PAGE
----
SBGrid brings together more than 240 like-minded laboratories all in the business of discovering what biological molecules look like and how they work. The Consortium includes X-ray crystallography, NMR and electron microscopy laboratories worldwide. Members share the costs of SBGrid's support services and gain access to 250 scientific applications and extensive computing resources, all maintained at the SBGrid Service Center located at Harvard Medical School.
With the support that comes from SBGrid, labs are able to focus their attention on science, not on maintaining software and scheduling compute time. SBGrid eliminates the need for a dedicated software technician in large structural biology groups and it enables smaller, less specialized groups to create sustainable structural biology research programs. In total, SBGrid's support model saves its members $2 million per year or more.
SBGrid Services and Resources
SBGrid's NIH-compliant Service Center supports SBGrid operations and provides members with access to the following services and resources:
- Software Maintenance: The SBGrid Center manages the support cycles of 250+ scientific applications, which includes:
- application evaluation, compilation, selection and licensing;
- deployment across the 240+ Consortium laboratories on over 2100 workstations;
- ongoing support for over 1700 end users;
- maintenance, upgrades and bug fixes for all applications; and
- rapid transition to new applications, versions, interim releases and supported operating systems
- Computing Access: Because discovering a crystal structure often requires access to extensive computing resources, SBGrid began a National Science Foundation sponsored Research Coordination Network in 2007 that provides a specialized computing portal that SBGrid members use to access the Open Science Grid.
- Training: To keep Consortium members informed about the latest advancements in structural biology computing, SBGrid holds monthly WebEx seminars featuring tutorials by contributing developers, hosts occasional software workshops and a semi-annual conference called the Advances in Structural Biology Computing Symposium.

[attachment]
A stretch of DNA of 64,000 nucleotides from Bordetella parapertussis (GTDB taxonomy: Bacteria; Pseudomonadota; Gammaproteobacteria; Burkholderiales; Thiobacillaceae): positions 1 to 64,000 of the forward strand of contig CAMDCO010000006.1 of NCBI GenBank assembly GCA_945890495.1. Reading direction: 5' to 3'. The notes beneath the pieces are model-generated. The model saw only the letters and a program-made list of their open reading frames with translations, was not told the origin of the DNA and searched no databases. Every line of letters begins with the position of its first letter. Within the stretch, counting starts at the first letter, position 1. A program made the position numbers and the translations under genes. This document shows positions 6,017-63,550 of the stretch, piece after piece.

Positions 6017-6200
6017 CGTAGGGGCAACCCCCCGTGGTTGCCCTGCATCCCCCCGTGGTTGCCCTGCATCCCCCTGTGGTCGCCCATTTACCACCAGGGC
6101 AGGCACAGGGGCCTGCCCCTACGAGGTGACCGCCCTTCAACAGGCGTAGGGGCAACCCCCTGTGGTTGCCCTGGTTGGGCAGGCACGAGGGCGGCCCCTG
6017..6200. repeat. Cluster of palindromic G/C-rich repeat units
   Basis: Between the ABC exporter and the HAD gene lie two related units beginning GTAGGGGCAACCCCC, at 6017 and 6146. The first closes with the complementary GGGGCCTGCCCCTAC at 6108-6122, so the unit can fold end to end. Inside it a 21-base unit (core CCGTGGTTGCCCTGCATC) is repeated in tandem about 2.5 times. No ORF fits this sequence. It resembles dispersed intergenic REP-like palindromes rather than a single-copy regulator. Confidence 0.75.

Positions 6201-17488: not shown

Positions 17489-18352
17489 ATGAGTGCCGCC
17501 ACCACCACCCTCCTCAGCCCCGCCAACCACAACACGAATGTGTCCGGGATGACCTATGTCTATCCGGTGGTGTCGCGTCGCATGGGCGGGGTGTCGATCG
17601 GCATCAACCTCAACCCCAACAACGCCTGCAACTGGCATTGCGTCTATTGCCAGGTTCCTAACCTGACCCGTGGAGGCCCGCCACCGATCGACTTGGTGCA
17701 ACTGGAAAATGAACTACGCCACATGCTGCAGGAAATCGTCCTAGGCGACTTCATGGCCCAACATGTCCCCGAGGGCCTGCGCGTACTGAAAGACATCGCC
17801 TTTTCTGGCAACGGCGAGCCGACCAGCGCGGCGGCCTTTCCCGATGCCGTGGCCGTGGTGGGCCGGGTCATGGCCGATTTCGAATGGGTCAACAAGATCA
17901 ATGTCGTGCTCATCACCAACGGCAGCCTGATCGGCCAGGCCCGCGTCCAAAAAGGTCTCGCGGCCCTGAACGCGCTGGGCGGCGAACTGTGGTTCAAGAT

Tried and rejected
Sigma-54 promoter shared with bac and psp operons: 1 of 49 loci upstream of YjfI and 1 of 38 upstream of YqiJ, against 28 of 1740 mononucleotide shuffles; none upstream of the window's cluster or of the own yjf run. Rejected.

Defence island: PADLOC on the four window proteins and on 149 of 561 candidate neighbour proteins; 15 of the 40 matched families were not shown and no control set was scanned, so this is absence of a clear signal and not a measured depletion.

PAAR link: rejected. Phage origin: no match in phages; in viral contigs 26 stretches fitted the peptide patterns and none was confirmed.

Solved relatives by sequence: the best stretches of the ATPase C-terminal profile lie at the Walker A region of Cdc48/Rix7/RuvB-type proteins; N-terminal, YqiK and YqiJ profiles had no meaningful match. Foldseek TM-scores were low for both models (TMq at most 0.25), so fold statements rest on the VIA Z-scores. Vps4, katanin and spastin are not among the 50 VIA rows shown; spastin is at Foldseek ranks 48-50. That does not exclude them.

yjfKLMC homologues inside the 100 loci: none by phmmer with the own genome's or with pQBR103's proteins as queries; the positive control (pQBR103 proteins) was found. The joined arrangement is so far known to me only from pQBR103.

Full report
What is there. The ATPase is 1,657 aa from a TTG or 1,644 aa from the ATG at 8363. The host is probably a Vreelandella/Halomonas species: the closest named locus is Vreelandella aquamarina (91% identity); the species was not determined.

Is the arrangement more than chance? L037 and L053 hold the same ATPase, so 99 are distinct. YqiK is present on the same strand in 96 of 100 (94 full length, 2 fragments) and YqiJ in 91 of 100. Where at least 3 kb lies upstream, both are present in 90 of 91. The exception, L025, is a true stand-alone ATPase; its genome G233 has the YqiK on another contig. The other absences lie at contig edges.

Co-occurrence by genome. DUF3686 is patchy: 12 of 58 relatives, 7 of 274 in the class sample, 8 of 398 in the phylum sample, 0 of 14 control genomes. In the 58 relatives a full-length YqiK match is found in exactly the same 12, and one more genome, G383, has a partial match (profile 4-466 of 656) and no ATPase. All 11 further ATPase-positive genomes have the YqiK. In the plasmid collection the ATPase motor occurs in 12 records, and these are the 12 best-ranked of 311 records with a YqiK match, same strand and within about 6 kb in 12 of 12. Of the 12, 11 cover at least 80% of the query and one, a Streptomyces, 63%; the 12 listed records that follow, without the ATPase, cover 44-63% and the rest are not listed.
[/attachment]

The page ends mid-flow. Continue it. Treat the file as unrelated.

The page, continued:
SBGrid Developer Network
The SBGrid Consortium works closely with the software developers who design and develop the tools structural biologists need. Because these developers also live and work around the world, integrating their diverse software tools can be challenging. SBGrid helps by providing resources, tools and an extensive developer network of physical and virtual machines for building and testing applications and integration.
SBGrid Members continually consult with developers about their computing needs for future projects. Several developers participate in our advisory committee and SBGrid computing schools and visit us onsite.
Participants at our most recent advisory meeting, held in June 2011 and featuring several days of presentations and discussions, included the developers of HKL, Coot, Phenix, Solve/Resolve, CCP4, SHELX and Schrodinger, all key structural biology applications. Representatives from four US Synchrotrons also participated.
Fig. SBGrid Advisory Meeting, June, 2011, HMS. Developers of several key, structural biology applications (HKL, Coot, Phenix, Solve/Resolve, CCP4, SHELX, Schrödinger) participated. Representatives from four US Synchrotron beamlines were also present.
The effect of the SBGrid support model has been dramatic for its subscribing member laboratories. SBGrid support has eliminated the need for a dedicated software support technician in large structural biology research groups, while also helping enable smaller and less specialized groups to create sustainable structural biology research programs. Our conservative estimate of the aggregate savings realized by the project is at minimum at $2,000,000/year.